Adding just a bit to some of the previous responses:
....Because for every hour he does something for free, he could have been earning an hour's pay.
That's one way to look at it. Another is consider it an investment in the company and in future earnings. In business terms, it's called a "loss leader," something you do to demonstrate your skills, give back to the community that helped your success, and to drive business to your organization. There's a certainly a balance to be drawn, of course. However, freebies increase business for many companies.
Look at it this way: there are many individuals and organizations that have given away a lot of information, knowledge, and support to the Perl community. They're able to live off the results. (I'm thinking of Damian Conway, among others.)
The situation with Graham is in my eyes a very serious one.
Not really. If no one steps up, as tye and davorg suggested, it's likely that other modules would appear. Also, modules have been unbundled from the core distribution before.
...should Perl remain a freeware model?
Yes; it makes the language accessible for personal and experimental purposes. This provides grass-roots opportunities to compete with more monied organizations who've been less than forthcoming about the internals or who've had a less than stellar record providing quality tools/support. (Do I really need to name names?)
Should it have been shareware to begin with?
I think Perl's success over the past few years is due, in part, to it's free availability.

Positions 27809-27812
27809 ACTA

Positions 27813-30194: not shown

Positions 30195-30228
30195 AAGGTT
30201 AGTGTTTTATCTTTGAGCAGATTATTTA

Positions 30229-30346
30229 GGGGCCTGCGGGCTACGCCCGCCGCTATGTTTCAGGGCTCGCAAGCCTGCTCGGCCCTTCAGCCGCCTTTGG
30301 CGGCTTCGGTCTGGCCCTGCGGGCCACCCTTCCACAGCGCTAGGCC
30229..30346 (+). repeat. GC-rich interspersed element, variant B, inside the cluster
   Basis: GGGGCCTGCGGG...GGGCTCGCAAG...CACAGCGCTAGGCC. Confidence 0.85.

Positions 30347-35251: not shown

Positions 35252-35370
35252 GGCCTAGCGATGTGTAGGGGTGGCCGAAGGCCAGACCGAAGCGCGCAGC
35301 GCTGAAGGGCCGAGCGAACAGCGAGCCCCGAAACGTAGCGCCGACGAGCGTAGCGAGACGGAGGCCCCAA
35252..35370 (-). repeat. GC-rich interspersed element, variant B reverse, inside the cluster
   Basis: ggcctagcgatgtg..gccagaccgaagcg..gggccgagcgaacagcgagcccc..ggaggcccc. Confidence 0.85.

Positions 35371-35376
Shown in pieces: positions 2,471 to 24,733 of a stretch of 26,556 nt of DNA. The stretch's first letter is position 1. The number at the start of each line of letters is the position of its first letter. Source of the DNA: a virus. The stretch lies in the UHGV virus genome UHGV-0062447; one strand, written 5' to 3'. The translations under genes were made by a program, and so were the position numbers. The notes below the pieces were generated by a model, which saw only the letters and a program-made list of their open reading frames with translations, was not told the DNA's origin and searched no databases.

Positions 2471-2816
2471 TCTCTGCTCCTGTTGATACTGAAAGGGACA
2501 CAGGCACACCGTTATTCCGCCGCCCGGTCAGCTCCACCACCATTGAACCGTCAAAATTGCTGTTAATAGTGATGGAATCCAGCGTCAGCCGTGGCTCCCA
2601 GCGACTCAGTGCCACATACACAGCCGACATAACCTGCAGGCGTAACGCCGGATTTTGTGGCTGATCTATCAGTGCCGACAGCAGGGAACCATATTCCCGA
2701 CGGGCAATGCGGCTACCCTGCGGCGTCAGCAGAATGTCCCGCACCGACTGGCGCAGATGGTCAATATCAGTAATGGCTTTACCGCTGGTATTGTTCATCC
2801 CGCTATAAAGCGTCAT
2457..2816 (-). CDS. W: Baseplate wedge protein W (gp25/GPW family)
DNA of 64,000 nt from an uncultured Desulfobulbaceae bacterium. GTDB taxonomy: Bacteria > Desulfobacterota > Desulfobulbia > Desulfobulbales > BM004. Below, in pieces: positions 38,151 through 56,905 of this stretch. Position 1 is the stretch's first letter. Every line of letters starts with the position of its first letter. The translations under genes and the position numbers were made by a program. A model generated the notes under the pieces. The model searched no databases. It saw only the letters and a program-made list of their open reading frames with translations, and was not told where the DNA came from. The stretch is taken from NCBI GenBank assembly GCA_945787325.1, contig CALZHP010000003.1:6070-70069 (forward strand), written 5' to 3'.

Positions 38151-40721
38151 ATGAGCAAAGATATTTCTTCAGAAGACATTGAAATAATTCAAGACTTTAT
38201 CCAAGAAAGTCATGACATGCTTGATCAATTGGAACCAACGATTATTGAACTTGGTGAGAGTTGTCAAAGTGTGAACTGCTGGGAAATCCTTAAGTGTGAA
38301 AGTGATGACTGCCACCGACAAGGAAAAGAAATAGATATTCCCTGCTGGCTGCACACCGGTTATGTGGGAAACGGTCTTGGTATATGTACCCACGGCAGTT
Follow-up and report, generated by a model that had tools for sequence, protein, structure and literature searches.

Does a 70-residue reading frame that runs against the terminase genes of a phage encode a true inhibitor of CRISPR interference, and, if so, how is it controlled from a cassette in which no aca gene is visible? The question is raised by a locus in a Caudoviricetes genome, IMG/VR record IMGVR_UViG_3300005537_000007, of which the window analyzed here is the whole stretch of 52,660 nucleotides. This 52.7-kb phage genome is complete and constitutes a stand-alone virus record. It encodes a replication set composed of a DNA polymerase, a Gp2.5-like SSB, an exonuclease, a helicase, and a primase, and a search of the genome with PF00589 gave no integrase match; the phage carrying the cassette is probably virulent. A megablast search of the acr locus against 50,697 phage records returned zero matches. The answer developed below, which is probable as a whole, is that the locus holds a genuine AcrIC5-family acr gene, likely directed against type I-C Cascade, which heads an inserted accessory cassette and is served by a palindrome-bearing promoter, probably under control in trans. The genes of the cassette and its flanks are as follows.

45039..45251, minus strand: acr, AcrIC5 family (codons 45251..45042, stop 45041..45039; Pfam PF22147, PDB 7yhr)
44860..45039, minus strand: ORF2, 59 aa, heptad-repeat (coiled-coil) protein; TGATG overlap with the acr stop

I know I wouldn't be using it if it cost $250/year to "subscribe" to a development license and obtain bug fixes.
...is it only the software that is free and is anything beyond that asking too much?
Tilly nailed this one. The strength of Perl lies in the compassion, wisdom, talent, and generosity of Larry and those that've contributed to whole.
These contributions and their quality have let Perl become far larger than the sum of its parts.
There's a risk with any software and a cost to learning, support, maintaining, etc. anything. Even Microsoft may fall, given the performance of its stock price over the past year. Heck, look at what happened to AT&T and IBM.
In any event, it's up to you to weigh the risks, costs, and benefits. If you feel relying on libnet is too risky, don't...however, keep in mind the cost of developing a replacement. Personally, I think libnet is a safe investment because even if Barr gives up on it, someone will pick up the torch and carry it on.
That someone could even be you.